The term 'rogue state' was first used by the U.S. after the end of the Cold War. The first state to be worthy of such a description was Panama, then under the rule of Manuel Noriega. Noriega's connection to drugs was the pretext for a December 1989 invasion by the United States military. The concept of the 'rogue state' has been central to the interventionist nature of American foreign policy since the end of the Second World War. The threat posed by alleged rogue states to domestic security has been used to justify foreign policy and other initiatives; for example renewed interest in and funding of anti-ballistic missile programs. North Korea, Iraq, Iran, Syria, and Libya have all been suggested as "rogue states", states not constrained by international norms and feared by other nations.
The term 'rogue state' was temporarily phased out in June 2000 by then secretary of state Madeline Albright.
In the last 6 months of the Clinton administration, it was replaced with the term "state of concern", due to concerns about the diplomatic effects of its use. However the Bush Jr. administration has had no qualms about resurrecting it alongside the use of such colourful rhetoric as 'axis of evil'. In 2000 the Center of Defense Information obtained a description of a new classification system, which breaks down 190 nations into six known subcategories. These range from "Just States" (our allies) to "States Leaving Concern" (the nations formerly known as rogues) to "States of Disrepair" (nations that have essentially broken down into anarchy). A State Department division called the Bureau of States is supposed to update the list annually and issues a classified report to Congress every April (Koerner 2003).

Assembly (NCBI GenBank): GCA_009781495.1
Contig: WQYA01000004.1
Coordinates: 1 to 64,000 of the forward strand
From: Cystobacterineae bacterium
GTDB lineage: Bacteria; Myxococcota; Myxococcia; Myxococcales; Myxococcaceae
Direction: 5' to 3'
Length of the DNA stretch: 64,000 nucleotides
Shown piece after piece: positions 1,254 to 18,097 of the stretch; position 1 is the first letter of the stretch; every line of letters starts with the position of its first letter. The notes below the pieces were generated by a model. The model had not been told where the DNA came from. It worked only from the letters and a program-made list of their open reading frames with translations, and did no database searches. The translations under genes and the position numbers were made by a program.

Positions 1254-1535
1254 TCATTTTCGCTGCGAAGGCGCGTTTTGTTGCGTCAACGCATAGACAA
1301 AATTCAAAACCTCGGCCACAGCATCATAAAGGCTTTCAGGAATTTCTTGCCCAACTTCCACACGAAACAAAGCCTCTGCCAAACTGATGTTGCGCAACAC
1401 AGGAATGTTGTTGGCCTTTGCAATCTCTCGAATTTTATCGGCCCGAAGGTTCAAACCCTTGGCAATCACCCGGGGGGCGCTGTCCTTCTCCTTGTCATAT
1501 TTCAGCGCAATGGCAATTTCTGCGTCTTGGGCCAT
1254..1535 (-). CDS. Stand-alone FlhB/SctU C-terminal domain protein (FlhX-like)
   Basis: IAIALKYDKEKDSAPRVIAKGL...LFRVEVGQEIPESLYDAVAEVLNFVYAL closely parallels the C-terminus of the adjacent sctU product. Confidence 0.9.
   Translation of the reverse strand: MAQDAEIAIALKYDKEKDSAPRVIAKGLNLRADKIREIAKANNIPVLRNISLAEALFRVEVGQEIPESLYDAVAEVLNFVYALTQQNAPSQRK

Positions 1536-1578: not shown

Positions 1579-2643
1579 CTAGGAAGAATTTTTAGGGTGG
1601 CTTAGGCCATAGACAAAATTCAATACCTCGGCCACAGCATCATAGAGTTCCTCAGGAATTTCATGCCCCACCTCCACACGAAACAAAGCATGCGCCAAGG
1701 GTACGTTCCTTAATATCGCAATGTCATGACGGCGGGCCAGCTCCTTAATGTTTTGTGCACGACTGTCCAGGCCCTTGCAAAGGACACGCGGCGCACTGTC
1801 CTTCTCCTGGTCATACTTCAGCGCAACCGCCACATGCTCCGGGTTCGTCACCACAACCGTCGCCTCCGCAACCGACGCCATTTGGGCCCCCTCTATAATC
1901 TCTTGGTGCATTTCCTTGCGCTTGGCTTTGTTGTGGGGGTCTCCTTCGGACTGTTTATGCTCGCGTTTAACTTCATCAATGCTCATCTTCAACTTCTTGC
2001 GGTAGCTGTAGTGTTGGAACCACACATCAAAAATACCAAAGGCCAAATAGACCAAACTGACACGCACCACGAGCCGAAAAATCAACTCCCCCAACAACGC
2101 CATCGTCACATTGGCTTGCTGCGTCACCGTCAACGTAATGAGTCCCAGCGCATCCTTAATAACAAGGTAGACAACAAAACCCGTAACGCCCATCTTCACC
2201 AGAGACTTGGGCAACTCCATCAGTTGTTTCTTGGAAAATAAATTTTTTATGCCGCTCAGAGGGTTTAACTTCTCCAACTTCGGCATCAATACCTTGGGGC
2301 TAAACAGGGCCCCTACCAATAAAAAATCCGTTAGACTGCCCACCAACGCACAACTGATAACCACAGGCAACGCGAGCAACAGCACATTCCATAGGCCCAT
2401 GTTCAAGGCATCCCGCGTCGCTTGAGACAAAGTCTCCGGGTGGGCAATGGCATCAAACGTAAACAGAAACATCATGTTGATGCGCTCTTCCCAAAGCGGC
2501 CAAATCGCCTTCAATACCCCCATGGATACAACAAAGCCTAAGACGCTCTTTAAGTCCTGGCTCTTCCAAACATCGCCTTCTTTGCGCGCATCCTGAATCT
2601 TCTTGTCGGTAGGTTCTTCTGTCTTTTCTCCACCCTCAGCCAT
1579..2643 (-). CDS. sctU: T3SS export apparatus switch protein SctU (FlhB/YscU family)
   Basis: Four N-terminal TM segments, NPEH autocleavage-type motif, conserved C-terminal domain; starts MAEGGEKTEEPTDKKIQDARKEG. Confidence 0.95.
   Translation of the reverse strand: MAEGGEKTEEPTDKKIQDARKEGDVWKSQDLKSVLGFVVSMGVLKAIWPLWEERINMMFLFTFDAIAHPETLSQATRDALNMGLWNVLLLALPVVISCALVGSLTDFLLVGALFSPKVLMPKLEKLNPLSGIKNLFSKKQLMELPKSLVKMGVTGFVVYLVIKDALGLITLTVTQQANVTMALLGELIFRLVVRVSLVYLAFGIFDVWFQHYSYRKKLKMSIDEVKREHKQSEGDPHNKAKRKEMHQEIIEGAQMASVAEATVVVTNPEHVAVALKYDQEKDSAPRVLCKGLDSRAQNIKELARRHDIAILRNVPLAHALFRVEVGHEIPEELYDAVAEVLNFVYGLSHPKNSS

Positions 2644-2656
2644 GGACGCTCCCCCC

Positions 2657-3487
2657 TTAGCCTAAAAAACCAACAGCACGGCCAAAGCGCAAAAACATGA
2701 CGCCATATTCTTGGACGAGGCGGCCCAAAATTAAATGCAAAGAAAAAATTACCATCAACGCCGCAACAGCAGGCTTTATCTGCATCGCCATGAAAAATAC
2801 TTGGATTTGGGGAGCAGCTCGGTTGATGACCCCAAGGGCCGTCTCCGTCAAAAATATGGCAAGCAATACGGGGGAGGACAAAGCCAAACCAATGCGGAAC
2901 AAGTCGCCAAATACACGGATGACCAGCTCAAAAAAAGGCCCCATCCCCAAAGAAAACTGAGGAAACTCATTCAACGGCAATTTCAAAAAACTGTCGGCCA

The terrorist attacks of September the 11th have highlighted an increasingly wide contrast between the way America...